Today's lecture and discussion were focused on part two of our Marx discussion. With the belief of economic determinism, Marx asserts that economic forces that determine the shape of history, as well as politics, religion, philosophy and law. Because of this, there is a certain sense of inevitability about history's path. For Marx, the Communist revolution is inevitable as tensions between the proletariat and the bourgeoisie intensify. Eventually, this will lead to some sort of Communist Utopia that he cannot specify because such a society has not emerged yet.
After lunch, we reconvened for our final writing workshop. Our Plato essays are due tomorrow so Nolan wanted to go over the importance of quotations and citations. Once class ended, many of the students from my discussion section arrived for Nolan's office hours-myself included-to get last minute revisions and advice regarding our essays. Later in the evening, Jenna, Tamilyn, and I spent some time peer reviewing each others' essays so we could get additional feedback before making the final adjustments.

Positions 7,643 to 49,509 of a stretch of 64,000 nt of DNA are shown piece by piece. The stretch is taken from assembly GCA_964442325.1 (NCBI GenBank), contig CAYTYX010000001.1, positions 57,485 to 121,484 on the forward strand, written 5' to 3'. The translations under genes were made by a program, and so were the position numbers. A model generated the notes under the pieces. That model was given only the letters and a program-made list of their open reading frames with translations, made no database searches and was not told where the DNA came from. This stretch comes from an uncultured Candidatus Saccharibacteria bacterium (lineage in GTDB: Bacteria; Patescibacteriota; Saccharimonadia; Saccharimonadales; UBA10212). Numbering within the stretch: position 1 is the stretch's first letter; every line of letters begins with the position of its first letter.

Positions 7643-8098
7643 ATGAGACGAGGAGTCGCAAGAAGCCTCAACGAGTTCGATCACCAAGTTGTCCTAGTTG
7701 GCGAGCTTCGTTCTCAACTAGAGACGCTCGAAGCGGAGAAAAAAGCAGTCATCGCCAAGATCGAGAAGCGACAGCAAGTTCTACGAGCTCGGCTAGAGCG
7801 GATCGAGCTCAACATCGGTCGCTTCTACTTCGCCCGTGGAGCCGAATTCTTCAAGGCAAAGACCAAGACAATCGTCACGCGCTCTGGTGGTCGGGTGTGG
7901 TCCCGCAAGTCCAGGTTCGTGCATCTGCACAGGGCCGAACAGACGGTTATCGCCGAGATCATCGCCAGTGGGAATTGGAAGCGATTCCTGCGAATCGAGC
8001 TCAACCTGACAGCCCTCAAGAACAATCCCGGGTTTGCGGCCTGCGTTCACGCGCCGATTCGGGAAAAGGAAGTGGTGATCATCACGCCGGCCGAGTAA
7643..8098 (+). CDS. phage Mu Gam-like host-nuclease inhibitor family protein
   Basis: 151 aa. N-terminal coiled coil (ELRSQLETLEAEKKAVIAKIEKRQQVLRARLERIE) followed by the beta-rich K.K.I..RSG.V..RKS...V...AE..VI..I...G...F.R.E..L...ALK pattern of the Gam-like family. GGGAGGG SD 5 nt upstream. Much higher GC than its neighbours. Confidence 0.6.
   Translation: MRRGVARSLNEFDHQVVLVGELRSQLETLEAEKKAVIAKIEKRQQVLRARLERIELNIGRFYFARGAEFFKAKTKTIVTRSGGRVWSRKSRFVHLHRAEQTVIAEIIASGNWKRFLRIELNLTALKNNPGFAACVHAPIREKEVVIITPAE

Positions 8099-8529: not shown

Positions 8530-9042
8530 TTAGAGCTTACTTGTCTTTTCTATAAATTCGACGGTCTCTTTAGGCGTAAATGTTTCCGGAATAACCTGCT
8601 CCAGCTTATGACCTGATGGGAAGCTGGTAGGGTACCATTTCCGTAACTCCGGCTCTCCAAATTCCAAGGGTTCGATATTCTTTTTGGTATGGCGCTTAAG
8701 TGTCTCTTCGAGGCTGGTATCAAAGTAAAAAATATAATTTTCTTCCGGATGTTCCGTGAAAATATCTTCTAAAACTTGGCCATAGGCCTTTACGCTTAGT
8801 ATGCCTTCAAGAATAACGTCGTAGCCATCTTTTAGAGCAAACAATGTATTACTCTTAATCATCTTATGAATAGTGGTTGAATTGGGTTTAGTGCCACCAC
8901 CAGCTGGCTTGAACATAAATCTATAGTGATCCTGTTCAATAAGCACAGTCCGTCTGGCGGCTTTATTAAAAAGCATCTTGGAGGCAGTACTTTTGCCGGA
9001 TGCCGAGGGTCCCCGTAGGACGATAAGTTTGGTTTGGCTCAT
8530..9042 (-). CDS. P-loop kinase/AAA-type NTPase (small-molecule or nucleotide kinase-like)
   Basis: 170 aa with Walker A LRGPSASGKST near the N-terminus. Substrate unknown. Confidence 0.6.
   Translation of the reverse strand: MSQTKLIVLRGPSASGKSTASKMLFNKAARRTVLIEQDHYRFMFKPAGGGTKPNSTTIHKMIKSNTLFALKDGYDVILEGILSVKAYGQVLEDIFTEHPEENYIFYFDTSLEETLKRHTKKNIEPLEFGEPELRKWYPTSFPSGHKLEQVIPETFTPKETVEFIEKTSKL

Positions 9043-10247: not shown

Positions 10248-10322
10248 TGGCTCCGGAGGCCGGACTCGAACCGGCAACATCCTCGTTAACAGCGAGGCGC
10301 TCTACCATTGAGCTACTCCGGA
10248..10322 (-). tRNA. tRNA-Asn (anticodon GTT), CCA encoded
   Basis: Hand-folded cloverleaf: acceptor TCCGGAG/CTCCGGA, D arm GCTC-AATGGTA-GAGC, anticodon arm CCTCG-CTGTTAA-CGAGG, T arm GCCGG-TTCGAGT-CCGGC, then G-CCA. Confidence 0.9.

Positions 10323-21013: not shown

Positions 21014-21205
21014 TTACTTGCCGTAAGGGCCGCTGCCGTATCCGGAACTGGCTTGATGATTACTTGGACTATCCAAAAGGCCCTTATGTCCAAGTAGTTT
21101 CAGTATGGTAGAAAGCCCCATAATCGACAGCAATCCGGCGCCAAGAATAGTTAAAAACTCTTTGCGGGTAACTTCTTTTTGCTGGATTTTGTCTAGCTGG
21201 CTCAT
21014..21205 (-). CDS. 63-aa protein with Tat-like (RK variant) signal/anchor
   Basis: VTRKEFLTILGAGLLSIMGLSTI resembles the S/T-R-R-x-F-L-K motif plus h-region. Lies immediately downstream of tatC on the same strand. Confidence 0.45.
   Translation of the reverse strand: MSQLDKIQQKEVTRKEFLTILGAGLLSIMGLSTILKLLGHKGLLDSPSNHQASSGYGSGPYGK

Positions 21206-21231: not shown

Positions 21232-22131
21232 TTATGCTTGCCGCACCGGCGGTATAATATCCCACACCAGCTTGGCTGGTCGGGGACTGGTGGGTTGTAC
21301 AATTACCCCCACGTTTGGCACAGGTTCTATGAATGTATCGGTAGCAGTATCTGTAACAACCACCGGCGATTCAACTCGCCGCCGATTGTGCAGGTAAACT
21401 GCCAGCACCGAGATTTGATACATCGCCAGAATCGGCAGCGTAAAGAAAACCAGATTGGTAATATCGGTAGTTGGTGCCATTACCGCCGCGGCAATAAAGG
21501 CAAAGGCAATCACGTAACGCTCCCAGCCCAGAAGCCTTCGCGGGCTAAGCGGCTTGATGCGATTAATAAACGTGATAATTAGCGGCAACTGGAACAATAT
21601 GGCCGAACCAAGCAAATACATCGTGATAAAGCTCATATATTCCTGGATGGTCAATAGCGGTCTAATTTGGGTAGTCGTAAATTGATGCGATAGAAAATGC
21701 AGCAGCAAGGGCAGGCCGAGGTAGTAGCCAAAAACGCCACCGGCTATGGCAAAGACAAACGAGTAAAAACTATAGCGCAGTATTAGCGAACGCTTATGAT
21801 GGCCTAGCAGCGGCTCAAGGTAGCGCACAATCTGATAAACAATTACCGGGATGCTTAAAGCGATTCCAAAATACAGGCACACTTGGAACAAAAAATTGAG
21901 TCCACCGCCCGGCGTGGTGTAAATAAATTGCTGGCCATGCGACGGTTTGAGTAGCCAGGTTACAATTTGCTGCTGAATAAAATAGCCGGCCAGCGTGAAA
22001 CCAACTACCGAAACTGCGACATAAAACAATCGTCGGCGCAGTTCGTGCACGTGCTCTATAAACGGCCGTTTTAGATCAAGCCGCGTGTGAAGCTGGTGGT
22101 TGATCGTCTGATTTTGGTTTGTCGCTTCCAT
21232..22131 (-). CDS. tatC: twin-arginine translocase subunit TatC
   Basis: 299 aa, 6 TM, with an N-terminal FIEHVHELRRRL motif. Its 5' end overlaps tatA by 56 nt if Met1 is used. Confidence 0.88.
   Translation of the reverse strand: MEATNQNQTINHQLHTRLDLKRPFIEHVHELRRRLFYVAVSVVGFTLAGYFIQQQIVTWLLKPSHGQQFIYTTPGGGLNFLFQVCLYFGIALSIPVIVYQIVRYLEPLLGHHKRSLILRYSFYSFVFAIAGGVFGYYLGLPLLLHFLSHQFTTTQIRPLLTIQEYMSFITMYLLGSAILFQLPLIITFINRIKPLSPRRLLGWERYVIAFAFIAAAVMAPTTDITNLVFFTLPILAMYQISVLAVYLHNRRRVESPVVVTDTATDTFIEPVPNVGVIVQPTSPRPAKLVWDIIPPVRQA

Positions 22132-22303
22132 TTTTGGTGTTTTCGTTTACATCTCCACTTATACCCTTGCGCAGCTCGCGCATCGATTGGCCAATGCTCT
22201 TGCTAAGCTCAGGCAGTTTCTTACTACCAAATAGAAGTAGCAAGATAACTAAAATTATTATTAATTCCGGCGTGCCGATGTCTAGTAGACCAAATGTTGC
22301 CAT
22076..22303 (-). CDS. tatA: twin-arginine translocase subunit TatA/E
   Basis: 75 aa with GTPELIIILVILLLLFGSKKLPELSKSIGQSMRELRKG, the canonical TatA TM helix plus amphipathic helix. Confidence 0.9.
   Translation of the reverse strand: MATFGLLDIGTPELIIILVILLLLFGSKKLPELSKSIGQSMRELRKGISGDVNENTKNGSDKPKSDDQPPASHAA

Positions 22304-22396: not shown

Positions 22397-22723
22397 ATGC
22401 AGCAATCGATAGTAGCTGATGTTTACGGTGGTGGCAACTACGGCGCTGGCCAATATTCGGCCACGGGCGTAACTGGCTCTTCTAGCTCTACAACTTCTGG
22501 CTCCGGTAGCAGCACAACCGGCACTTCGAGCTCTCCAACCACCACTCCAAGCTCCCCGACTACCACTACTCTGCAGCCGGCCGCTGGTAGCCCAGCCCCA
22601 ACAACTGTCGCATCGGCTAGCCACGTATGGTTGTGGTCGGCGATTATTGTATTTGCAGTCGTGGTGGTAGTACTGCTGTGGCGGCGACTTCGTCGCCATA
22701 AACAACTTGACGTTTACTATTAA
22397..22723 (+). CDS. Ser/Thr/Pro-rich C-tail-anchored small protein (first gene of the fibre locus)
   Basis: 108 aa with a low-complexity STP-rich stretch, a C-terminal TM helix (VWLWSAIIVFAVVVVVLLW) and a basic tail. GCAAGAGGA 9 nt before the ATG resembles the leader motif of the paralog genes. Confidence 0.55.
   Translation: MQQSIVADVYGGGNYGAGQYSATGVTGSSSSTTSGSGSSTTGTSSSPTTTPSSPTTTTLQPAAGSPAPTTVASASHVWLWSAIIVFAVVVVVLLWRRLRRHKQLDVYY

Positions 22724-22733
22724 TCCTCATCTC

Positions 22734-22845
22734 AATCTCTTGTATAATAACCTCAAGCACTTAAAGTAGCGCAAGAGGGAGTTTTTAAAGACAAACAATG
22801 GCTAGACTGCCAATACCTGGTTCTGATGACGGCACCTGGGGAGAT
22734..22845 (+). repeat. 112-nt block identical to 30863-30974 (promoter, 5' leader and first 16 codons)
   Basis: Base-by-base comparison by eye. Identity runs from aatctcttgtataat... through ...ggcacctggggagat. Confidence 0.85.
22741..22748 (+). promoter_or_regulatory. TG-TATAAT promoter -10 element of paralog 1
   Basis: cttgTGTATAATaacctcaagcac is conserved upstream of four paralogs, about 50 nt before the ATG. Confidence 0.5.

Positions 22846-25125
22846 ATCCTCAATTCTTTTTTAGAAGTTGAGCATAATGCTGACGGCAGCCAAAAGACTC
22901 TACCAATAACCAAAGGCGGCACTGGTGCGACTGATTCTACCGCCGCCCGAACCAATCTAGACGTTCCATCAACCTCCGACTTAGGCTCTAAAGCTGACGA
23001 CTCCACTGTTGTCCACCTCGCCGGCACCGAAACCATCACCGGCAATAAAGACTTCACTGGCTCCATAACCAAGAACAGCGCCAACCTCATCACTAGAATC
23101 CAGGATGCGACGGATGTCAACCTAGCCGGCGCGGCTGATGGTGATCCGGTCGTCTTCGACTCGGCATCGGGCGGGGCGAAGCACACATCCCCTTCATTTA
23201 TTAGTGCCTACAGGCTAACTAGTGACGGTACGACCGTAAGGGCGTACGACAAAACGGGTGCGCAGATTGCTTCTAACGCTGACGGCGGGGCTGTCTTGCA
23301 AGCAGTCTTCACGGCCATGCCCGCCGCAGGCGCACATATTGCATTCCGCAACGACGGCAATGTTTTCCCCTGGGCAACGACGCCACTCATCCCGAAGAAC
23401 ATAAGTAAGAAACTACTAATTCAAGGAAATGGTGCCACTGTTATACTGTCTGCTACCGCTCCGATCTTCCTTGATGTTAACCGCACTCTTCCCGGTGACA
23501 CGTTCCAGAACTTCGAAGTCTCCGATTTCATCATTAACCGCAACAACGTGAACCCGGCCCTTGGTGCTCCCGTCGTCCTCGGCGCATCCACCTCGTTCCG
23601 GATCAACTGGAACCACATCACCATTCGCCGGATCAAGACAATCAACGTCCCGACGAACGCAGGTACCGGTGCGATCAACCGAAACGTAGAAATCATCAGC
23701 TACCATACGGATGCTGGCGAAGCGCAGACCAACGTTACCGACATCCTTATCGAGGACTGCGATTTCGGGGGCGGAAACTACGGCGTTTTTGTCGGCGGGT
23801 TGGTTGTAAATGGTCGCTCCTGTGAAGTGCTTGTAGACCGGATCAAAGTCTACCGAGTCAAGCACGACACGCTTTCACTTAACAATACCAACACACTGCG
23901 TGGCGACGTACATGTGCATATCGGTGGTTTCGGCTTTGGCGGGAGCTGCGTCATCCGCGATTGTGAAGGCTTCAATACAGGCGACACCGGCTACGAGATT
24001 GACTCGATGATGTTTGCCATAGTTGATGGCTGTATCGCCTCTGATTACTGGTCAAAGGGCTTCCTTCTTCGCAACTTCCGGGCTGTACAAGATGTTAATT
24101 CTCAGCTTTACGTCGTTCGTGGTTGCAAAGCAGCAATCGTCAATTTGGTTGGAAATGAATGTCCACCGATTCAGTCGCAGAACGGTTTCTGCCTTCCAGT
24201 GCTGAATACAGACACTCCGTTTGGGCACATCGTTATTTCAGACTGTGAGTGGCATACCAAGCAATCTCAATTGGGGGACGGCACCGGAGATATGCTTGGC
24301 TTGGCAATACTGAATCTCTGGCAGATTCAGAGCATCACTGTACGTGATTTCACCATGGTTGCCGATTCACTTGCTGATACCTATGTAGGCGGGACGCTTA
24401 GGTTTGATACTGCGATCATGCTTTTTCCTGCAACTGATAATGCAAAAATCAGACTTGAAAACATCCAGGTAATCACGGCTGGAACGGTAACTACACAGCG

In about 48 hours, my time in the East Coast will end and I will be back home. It is inevitable that I will have to leave all of the wonderful friends I have made at Cornell and return to my normal life; this is definitely a bittersweet feeling. But now, it is also inevitable that I will have to face the final hurdle of the Freedom and Justice course: the final exam. Tomorrow will prove to be challenging but I will study rigorously and make sure that I do everything in my power to end the course successfully.